The George R. Harrison Spectroscopy Laboratory in the School of Science at MIT has been awarded a Bioengineering Research Partnership grant to develop and implement spectroscopic techniques for imaging and diagnosing dysplasia -the precursor to cancer – in the uterine cervix and the oral cavity.
Cervical and oral cancer account for approximately 11,000 deaths in the United States each year. Detection of the precancerous state of human tissue is crucial for ease of treatment and greatly improved survival, but it is often invisible and difficult to diagnose. The new techniques are said to provide a method for visualisation and accurate diagnosis based on spectroscopic detection and imaging.
Clinical screening for cervical and oral precancer are multibillion-dollar industries which currently rely on visual detection of suspicious areas followed by invasive biopsy and microscopic examination. Given that visually identified suspicious areas do not always correspond to clinically significant lesions; spectroscopic imaging and diagnosis could prevent unnecessary invasive biopsies and potential delays in diagnosis.
Michael S. Feld, professor of physics and director of the Spectroscopy Lab, says the laboratory has developed a portable instrument that delivers weak pulses of laser light and ordinary white light from a thin optical fibre probe onto the patient’s tissue through an endoscope. This device analyses tissue over a region around 1 millimetre in diameter and has shown promising results in clinical studies. It accurately identified invisible precancerous changes in the colon, bladder and oesophagus, as well as the cervix and oral cavity.
The second device, which has not yet been tested on patients, can image precancerous features over areas of tissue up to a few centimetres in diameter.
Feld predicted that in a couple of years, these devices will lead to a new class of endoscopes and other diagnostic instruments that will allow physicians to obtain high-resolution images. These easy-to-read images will map out normal, precancerous and cancerous tissue the way a contour map highlights elevations in different colours.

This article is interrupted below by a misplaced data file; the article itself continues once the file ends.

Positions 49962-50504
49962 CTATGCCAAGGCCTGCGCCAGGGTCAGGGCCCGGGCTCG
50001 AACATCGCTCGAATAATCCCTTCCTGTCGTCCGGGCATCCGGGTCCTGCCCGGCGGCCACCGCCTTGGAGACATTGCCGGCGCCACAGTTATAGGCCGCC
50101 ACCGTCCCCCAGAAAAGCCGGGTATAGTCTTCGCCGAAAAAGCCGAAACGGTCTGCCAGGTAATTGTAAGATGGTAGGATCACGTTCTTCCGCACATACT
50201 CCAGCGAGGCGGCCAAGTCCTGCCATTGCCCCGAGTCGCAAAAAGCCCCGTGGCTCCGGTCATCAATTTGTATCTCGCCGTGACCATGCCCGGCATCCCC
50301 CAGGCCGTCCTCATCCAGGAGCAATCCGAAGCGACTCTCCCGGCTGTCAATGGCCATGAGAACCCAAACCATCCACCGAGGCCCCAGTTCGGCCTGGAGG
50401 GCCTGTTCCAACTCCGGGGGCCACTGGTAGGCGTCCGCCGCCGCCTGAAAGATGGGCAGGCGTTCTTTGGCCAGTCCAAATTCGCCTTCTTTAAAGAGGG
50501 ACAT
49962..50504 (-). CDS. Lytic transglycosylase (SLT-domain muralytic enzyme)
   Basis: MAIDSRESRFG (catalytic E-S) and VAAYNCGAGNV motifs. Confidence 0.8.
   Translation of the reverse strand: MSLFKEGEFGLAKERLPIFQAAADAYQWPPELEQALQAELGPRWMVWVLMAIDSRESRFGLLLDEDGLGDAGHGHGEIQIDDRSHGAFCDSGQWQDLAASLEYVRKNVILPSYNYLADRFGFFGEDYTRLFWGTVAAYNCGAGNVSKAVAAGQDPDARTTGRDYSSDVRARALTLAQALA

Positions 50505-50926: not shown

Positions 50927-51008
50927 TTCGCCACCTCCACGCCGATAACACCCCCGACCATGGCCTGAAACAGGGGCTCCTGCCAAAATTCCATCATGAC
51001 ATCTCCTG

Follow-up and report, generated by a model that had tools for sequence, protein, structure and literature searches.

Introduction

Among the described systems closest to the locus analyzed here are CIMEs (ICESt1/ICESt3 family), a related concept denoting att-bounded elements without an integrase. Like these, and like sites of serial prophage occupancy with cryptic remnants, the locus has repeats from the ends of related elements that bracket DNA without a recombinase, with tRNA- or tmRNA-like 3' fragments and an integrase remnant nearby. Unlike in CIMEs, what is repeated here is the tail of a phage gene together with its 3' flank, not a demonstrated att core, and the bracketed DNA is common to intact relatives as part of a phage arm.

The optical fibre probe instrument employs a method called trimodal spectroscopy, in which three diagnostic techniques – light-scattering spectroscopy (LSS), diffuse reflectance spectroscopy (DRS) and intrinsic fluorescence spectroscopy (IFS) – are combined.
IFS provides chemical information about the tissue, LSS provides information about the cell nuclei near the tissue surface and DRS provides structural information about the underlying tissue. The information provided by the three techniques is complementary and leads to a combined diagnosis, though the imaging technique is based on LSS alone.
The LSS optical technique has long been used to study the size and shape of small spheres such as water droplets. For cancer detection, the method is applied to the cell’s spheroid nucleus. Physics theory predicts that scattered light undergoes small but significant colour variations when bouncing back from spheres of a certain size and refractive index.
Light is delivered through the probe onto the patient’s tissue. The probe collects the light that bounces back and analyses its colours. The colour content is then used to extract diagnostic information.
‘By analysing the intensity variations in this back-scattered component from colour to colour, the nuclear size and density can be mapped,’ Feld said. Closely packed cells with larger-than-normal nuclei packed tightly with genetic material are markers of precancerous change.
‘The images created with this new technique are different from ordinary microscopic images in that they provide hard and fast information about cellular features,’ he said. ‘We believe this is an important step that will lead to new optical tools for both [making] early cancer diagnoses and developing a better understanding of how changes in the genetic material inside the cell’s nucleus make the tissue more vulnerable to cancer.’